The Arizona Cardinals boast one of the most talented rosters in football this year, but there's one player whose effectiveness can turn a great team into one of the NFL's truly elite teams: Safety Tyrann Mathieu.
When it comes to scheming for opposing offenses, there's few players in the sport who can rival the versatility and impact Mathieu brings to a defense. The Cardinals list Mathieu as a safety, but the 5-foot-8 playmaker can line up almost anywhere on the field in any given situation and whittle down an opposing team's options.
Align Mathieu as a single-high safety? Good luck throwing the ball over the top. Use Mathieu as a nickel corner? Slot receivers are shut down. Play Mathieu close to the line of scrimmage? The Cardinals have an extra run-stopper whose ability to dissect plays is on par with even the league's elite linebackers.
Sure, Mathieu makes mistakes, and he might gamble more often than a conservative defensive play-caller would like. But Cardinals defensive coordinator James Bettcher isn't conservative, and his ability to deploy Mathieu in a variety of roles shifts the balance of power in the Cardinals' favor.
When healthy, Mathieu has played at an elite level. When on the sidelines, the Cardinals defense as suffered. If there's one key beyond an effective Carson Palmer that can help key a Super Bowl run for the Cardinals, it's Mathieu's ability to play at an elite level from the start of the season through the very end.
Tyrann Mathieu: Coming off the second ACL tear of his career, the Cardinals offered Mathieu a practically unprecedented contract extension for a safety. That's because when healthy, there's no more impactful safety in the game and Arizona knows Mathieu's value to the franchise goes far beyond the football field. Over the past two seasons, Mathieu has spent nearly two-thirds of his reps as a cornerback and only one-third of his reps as a safety, and we believe that trend may continue this season. The only reason it wouldn't is if the Cardinals believe Tyvon Branch can effectively man the nickel corner position, which would allow the team to find even more creative ways to use Mathieu. Mathieu's presence allows the Cardinals to scheme against any type of opposing offense, and the only question he faces going into this season is whether he can regain the form he played with prior to his ACL tear in December.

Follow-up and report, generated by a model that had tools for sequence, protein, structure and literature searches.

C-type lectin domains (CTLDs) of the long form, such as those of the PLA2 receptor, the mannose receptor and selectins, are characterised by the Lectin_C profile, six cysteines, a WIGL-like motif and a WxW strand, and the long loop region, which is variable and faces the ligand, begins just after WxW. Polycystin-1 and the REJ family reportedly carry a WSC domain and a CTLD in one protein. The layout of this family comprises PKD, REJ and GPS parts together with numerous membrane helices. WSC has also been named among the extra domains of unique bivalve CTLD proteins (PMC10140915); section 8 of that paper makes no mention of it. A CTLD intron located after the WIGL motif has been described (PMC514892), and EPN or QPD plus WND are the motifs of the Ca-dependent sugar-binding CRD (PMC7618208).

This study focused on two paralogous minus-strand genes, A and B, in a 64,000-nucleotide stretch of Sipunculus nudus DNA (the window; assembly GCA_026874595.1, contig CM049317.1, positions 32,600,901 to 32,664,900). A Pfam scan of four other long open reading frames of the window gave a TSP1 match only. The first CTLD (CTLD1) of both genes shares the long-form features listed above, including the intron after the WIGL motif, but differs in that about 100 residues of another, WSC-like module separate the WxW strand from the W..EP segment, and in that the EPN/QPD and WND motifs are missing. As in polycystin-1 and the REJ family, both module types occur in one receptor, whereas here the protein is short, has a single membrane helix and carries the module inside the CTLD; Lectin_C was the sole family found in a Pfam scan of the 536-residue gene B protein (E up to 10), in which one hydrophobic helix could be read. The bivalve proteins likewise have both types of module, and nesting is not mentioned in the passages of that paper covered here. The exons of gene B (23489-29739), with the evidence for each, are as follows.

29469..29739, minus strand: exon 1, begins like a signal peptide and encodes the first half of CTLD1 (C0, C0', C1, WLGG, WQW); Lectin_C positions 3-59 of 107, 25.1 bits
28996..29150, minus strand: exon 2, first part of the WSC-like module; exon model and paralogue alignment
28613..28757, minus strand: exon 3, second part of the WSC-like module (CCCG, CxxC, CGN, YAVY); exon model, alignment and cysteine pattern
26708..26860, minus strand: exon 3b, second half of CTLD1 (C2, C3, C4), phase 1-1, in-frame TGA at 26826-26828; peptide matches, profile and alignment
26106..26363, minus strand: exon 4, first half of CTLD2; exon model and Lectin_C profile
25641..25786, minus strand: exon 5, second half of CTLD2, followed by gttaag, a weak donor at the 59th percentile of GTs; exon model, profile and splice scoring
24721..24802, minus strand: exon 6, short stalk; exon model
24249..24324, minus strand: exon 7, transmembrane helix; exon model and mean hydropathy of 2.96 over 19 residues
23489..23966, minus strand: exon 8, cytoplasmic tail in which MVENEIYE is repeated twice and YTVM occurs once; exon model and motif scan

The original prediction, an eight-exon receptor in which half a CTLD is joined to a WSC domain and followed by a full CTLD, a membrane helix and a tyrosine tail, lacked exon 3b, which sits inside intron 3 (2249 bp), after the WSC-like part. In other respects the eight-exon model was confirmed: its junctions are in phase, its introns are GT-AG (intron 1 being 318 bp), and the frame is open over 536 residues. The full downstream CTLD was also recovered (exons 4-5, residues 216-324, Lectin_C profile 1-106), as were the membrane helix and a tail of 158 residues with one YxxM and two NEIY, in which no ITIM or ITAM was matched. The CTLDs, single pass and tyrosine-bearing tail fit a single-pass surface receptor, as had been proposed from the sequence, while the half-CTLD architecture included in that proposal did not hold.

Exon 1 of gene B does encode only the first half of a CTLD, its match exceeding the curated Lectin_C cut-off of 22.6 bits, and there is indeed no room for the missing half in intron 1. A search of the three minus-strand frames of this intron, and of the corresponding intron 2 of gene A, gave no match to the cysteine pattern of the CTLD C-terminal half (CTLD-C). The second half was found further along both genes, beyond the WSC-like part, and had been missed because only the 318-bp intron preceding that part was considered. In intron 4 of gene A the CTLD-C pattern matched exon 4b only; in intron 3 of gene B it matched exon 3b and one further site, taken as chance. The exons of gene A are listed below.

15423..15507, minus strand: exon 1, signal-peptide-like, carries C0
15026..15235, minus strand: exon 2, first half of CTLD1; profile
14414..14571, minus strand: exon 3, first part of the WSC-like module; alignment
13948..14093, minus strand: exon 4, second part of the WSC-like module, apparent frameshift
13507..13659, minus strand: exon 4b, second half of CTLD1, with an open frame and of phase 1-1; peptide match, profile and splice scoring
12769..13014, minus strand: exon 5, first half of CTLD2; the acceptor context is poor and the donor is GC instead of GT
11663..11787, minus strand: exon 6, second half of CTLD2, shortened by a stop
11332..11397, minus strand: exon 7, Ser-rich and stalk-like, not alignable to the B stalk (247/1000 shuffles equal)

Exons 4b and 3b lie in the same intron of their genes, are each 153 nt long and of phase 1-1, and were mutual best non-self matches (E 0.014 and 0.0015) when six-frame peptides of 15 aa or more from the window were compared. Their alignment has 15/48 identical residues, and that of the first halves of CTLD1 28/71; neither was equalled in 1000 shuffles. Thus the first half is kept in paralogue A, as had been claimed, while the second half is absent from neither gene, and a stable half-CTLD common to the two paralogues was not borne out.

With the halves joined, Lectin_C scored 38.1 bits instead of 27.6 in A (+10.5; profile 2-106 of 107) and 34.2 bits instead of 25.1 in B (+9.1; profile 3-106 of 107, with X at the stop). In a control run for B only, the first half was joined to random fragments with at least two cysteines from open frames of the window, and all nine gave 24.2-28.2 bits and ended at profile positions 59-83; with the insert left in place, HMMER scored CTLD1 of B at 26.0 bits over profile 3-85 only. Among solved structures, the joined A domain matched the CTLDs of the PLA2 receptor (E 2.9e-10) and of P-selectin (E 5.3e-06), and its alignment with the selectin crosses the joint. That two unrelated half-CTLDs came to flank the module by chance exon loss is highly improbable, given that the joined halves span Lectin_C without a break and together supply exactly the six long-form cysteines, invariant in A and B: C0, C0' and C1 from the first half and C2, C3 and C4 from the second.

Tyvon Branch: Though he's not technically listed as a starter on the depth chart, Branch should be on the field quite frequently for a team that used nickel personnel on roughly 70 percent of its plays a season ago. Branch underwhelmed at the beginning of fall camp, but came on strong late and needs to have an impact as a slot corner to give the Cardinals the type of schematic versatility they're looking for. If Branch can defend slot receivers even marginally close to the way Mathieu has defended them in the past, Arizona has no reason to stray from its nickel personnel unless it's facing short-yardage situations. Branch's speed is a valuable asset, and his health is critical to the Cardinals' success against the pass.
Tony Jefferson: Perhaps the most overlooked player on a Cardinals' defense loaded with A-list names, Jefferson is a solid if uncelebrated playmaker at the back end of the defense. Though he's probably more ideally suited to Cover 2 and Cover 3 shells, Jefferson often plays as a single-high safety in Arizona's scheme and is responsible for playing centerfield when Arizona plays press-man coverage, which it does often. Jefferson isn't necessarily a game-changer, but he's a solid tackler who rarely makes mistakes which is a good fit for a defense with elite athletes like Mathieu and Patrick Peterson.
D.J. Swearinger: A prototypical strong safety in his build and style of play, Swearinger is an in-the-box presence who appears to have found a home in Arizona. Swearinger struggled at his previous stops in Houston and Tampa Bay, but when Mathieu went down last season, Swearinger brought a certain type of swagger to the Cardinals defense the coaching staff obviously liked. Swearinger isn't great in pass coverage and isn't suited for single-high duties or even a centerfield role in a Cover 3 shell, but he can walk down into the box in short yardage situations or break up passes on receivers running slant routes over the middle. Swearinger is an instinctual player, and Bettcher's defense is one of the better schemes in the league for players who'd prefer to just play rather than analyze.
Marqui Christian: It wouldn't come as a huge surprise if Christian is inactive for the first few games of the regular season, but the Cardinals would benefit from his mentality on certain special teams units like kickoff coverage. Arizona is excited about the potential of the team's fifth round draft selection, but Christian still has a ways to go in terms of learning the nuances of the safety position because he played small school football in college. Christian's future is more in the mold of Swearinger as an in-the-box strong safety than it is in the mold of either Jefferson or Branch, but he has a great motor and an obvious desire to throw his body into the mix. It's difficult to say how much playing time Christian will get this season, but if he takes to the coaching points the Cardinals offer him, he could develop into a serviceable depth option.